For the average consumer, reading a food package can be overwhelming: natural, organic, non-GMO, gluten free, free range ... you get the picture.
Vaccines and Chiropractic: Evidence-Based Medicine or Medical Dogma?
Right or wrong, the chiropractic profession has historically been against vaccinations. However, a growing trend within the profession is seeking to reverse this position.
By the Numbers: 3 Common Financial Mistakes With Major Consequences
Warren Buffett is on record for sharing the hidden art of becoming wealthy and making it simple enough for anyone to grasp.
Knee Pain From the Kinetic Chain
As practitioners of manual medicine, chiropractors often treat patients suffering from knee pain.
Finders Keepers: The Secret to Relationship-Based Marketing
Becoming a successful practitioner has less to do with what you learned in school, and more to do with your ability to find new patients and keep them!
New Medical Technologies You Need to Know
We're all familiar with how fast computers become obsolete, as well as the rapid pace of development in the field of cell phone technology. The latest smart phones are far more powerful than desktop computers were only a few years ago.
Coding for the Subluxation: ICD-9 vs. ICD-10
When I attended chiropractic school, I was taught that chiropractors approach health care differently than the traditional medical establishment.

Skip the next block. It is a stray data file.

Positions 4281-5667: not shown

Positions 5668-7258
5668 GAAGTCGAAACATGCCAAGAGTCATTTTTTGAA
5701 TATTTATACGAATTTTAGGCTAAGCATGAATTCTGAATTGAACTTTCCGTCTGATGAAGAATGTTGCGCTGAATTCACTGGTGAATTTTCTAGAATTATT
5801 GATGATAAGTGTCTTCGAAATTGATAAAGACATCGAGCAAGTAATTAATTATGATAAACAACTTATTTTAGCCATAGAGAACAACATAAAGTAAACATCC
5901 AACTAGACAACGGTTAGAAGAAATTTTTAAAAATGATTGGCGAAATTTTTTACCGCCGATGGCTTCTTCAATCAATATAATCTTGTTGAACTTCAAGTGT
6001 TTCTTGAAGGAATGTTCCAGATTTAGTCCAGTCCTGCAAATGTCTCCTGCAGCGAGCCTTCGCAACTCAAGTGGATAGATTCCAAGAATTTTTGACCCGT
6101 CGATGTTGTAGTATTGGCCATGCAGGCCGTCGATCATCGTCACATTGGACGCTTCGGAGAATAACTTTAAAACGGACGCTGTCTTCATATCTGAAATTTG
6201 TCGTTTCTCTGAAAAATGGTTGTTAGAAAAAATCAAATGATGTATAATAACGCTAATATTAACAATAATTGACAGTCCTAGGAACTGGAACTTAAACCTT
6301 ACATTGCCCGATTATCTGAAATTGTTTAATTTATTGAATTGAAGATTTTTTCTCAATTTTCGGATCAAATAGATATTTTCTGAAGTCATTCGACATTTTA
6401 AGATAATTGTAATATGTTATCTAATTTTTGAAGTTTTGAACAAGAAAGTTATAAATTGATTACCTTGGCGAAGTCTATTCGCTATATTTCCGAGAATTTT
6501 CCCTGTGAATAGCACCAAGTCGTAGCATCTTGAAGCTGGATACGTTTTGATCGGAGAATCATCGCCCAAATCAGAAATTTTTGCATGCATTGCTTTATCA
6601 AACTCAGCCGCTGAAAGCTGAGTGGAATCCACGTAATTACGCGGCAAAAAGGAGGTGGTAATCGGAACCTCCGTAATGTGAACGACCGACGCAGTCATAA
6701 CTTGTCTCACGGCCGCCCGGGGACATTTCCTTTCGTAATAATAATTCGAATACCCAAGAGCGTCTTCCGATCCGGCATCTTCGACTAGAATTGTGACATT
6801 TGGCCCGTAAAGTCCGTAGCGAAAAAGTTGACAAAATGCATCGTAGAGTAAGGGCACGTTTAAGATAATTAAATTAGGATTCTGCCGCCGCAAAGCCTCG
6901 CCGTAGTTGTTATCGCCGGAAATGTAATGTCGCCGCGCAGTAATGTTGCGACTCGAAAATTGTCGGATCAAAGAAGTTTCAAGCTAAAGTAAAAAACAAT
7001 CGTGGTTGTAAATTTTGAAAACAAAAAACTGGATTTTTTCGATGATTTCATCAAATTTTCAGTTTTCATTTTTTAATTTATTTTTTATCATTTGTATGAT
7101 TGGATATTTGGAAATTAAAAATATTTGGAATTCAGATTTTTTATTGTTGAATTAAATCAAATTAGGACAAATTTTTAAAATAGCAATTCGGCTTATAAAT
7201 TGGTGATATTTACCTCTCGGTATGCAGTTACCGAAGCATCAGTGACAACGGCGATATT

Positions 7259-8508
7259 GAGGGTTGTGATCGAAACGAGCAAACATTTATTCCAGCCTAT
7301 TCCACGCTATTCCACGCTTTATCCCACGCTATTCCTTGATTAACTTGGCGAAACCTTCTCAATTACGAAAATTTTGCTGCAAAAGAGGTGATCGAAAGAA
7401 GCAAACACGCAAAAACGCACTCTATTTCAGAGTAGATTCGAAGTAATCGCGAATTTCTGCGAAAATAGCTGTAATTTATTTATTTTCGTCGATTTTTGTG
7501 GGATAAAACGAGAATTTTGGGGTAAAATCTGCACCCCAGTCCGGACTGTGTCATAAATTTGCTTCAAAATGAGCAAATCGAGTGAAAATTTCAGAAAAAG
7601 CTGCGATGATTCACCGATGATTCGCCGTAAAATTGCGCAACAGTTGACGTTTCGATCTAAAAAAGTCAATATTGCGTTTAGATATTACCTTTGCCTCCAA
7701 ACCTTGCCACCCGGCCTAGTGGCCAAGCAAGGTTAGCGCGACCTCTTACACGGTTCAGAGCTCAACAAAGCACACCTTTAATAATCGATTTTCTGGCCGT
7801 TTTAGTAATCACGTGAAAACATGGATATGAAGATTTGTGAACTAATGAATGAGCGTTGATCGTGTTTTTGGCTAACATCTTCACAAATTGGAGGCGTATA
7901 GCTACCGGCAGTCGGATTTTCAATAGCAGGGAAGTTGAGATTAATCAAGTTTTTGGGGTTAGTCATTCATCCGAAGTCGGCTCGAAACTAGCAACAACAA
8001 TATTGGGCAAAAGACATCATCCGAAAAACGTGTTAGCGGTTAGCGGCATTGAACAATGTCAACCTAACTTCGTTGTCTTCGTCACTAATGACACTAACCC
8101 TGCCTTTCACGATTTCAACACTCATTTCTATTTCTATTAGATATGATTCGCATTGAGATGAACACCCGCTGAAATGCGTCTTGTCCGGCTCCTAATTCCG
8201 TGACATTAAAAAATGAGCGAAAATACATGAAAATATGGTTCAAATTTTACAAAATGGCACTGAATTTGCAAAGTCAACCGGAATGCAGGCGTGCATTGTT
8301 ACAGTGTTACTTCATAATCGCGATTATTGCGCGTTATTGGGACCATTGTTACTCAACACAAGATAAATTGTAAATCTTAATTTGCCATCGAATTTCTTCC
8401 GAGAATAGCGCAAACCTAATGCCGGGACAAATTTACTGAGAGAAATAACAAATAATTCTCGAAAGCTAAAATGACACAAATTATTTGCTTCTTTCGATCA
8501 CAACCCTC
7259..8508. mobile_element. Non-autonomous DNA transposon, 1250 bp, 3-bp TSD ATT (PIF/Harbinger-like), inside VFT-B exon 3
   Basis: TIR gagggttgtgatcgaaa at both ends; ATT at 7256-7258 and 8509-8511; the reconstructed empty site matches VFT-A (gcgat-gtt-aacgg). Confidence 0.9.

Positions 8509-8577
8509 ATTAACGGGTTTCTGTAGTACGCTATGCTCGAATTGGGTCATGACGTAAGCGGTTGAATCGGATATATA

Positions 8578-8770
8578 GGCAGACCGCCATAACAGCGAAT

November, 2009, Vol. 9, Issue 11
Practice Building: Taking Your Massage Practice to the Next Level
By David Kent, LMT, NCTMB
Many massage therapists are frustrated by how the current economic situation has affected their practice. They are having difficulty making ends meet while trying to find or maintain continuous employment. While most massage therapists love their chosen profession, many doubt their ability to sustain themselves financially in the field over the long term.
Sound familiar? There is hope! There are proven strategies to create an effective plan of action that will help you build a rewarding and financially lucrative career as a massage therapist. It starts with asking some vital questions and then using the answers to help focus your time and efforts in ways that produce positive results.
Clarify Your Goals
Free your mind by capturing your thoughts on paper. This will help you get organized and focused. Start by writing your goals, followed by the actions you need to take to achieve them. Be as specific as possible. For example, don't set a general goal: "I want to make more money." Instead, set a specific goal: "I want to make $10,000 more this year." Another general goal would be "I want to have a more regular treatment schedule," but a specific goal would be "I want to treat my clients on Monday, Wednesday and Friday between 9 a.m. and 5 p.m., and on Tuesday and Thursday from 1:00 pm to 7 p.m."
Create an Action List